These are used to distribute self-administered questionnaires that respondents fill out on their own.

  • Mail Surveys

What are the goals of scientific method?

  • prediction
  • observation
  • explanation
  • elimination
  • description
  • application
  • conceptualization

It is a measurement that indicates consistency.

  • Validity
  • Reliability
  • Construct
  • Hypothesis

When using PowerPoint, make sure that you are in control and will not experience any technical (computer) problems during your presentation.

  • True
  • False

It presents that as the value of one measure increases, the value of the other measure decreases.

  • positive correlation
  • zero correlation
  • negative correlation
  • correlation coefficient

As a writer you should also strive to choose words and use constructions that acknowledge people fairly and without bias.

  • True
  • False

It draws out the implications of your research, emphasizes particular results that support your hypothesis and comment critically on any results that do not support it.

  • Discussion

When delivering your presentation before a “real” audience, be sure to leave time for questions.

  • True
  • False

It exists when evidence falsely indicates that two or more variables are associated.

  • selective survival
  • selective deposit
  • archival records
  • spurious relationships

It is determined by subtracting the lowest score in the distribution from the highest score.

  • mode
  • Cohen's d
  • standard deviation
  • range

This central tendency is defined as the middle point in the frequency distribution.

  • Mean
  • Standard Deviation
  • Mode
  • Median

It relies on direct observation and experimentation for answering questions, was critical for developing the science of psychology.

  • Empirical Approach
  • Skeptical Attitude
  • Subjective Approach
  • Social and Cultural Context

It may be used to create comparable groups when there are too few subjects available for random assignment to work effectively.

  • random groups design
  • natural groups design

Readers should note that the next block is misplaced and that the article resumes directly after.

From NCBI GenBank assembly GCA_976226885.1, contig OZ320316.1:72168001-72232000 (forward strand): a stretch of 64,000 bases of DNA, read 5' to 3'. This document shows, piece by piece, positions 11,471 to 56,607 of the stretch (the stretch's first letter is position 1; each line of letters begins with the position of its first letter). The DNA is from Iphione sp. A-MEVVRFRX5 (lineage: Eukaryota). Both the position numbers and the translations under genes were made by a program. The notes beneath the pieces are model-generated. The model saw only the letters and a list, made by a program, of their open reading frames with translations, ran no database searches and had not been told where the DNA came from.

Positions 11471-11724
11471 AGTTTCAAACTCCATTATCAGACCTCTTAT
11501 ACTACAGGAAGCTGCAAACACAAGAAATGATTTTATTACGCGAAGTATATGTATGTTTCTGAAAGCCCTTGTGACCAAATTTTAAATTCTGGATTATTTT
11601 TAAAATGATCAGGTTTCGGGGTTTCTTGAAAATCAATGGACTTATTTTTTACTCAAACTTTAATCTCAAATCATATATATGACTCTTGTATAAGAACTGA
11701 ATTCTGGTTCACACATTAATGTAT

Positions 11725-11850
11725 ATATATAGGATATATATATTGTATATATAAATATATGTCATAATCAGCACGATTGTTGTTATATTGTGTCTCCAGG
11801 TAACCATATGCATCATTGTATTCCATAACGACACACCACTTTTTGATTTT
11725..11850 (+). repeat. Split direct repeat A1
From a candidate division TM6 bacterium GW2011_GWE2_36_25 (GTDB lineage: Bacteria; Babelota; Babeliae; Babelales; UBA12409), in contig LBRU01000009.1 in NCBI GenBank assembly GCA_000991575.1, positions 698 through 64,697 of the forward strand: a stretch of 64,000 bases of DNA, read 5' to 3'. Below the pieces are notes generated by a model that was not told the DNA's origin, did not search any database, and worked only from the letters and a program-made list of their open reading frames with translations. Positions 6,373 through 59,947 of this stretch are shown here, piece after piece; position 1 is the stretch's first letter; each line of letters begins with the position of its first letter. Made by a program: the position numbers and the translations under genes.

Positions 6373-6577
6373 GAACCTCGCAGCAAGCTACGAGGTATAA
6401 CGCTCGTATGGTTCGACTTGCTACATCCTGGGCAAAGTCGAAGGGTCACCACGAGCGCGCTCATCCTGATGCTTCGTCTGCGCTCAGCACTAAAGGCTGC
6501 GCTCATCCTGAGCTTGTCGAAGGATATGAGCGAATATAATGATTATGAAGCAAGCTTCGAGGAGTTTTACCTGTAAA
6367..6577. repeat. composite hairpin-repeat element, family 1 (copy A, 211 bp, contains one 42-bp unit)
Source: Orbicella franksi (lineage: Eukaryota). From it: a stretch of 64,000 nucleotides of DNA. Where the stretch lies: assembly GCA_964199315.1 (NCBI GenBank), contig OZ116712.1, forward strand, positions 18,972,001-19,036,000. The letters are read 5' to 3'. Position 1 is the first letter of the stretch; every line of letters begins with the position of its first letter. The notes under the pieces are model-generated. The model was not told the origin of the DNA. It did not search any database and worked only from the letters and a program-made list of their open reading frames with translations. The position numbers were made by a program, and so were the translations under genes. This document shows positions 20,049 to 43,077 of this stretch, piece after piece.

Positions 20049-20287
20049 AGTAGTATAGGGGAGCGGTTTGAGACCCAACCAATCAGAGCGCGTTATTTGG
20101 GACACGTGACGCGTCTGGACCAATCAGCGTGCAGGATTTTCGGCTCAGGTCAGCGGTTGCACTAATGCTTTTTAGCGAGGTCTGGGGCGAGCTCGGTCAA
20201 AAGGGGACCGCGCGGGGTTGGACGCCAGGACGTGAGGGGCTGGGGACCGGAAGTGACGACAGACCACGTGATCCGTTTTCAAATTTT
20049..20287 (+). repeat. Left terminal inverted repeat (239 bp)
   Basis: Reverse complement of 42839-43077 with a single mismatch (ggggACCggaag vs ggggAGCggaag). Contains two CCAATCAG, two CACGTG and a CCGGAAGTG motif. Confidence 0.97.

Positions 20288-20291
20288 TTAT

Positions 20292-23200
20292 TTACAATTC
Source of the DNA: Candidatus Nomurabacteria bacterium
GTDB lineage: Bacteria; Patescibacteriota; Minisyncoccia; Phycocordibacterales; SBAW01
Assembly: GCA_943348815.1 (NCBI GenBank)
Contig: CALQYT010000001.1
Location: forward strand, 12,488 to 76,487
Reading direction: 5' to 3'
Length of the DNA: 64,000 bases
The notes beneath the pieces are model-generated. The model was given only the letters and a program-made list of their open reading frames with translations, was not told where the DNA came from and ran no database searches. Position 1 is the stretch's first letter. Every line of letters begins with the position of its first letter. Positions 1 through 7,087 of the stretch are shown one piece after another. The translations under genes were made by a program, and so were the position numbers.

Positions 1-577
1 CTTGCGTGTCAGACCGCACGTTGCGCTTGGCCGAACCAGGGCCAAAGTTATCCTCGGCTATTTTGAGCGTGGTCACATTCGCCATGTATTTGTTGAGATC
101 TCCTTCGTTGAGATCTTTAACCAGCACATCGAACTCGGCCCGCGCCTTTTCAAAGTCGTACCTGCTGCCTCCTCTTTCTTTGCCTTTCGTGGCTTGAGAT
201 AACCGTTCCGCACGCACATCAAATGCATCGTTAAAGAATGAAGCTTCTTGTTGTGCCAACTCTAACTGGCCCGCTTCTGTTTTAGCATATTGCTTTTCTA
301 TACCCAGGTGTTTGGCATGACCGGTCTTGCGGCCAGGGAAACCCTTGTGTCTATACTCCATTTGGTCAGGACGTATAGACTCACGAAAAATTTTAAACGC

• independent groups design
  • matched groups design

It answers the questions you raised in your Introduction.

  • Results

What are the three stages of data analysis?

  • Gather data
  • Confirm the data revealed
  • Summarize the data
  • Know the data
  • Analyze the data
  • Create a hypothesis

This central tendency simply indicates the score in the frequency distribution that occurs most often.

  • Standard Deviation
  • Mean
  • Median
  • Mode

It is a tentative explanation for a phenomenon. it is often stated in the form of a prediction together with an explanation for the predicted outcome.

  • Scientific Method
  • Hypothesis
  • Research Problem
  • Scientific Theory

Because of limited time, you need to speak fast and do it in a quick pace.

  • True
  • False

It allows researchers to make the causal inference that the independent variable caused the observed changes in the dependent variable.

  • experimental elimination
  • experimental co-variation
  • experimental variables
  • experimental control

What are the methods of observation with intervention.

  • field experiment
  • sampling behavior
  • naturalistic observation
  • participant observation
  • direct observation
  • structured observation
  • indirect observation

It tells us how likely we are to “see” an effect that is there and is an estimate of the study’s replicability.

  • significance
  • strength
  • power
  • error

This is the Greek letter that represents mean.

  • σ
  • ρ
  • μ
  • α

It refers to researchers choosing time intervals for making observations either systematically or randomly.

  • time sampling
  • situation sampling
  • sampling behavior
  • random sampling

Identify the four research situations using ANOVA to test the null hypothesis.

  • two-factor analysis for mixed designs
  • single-factor analysis for repeated measures designs
  • two-factor analysis for dependent groups designs
  • two-factor analysis for independent groups designs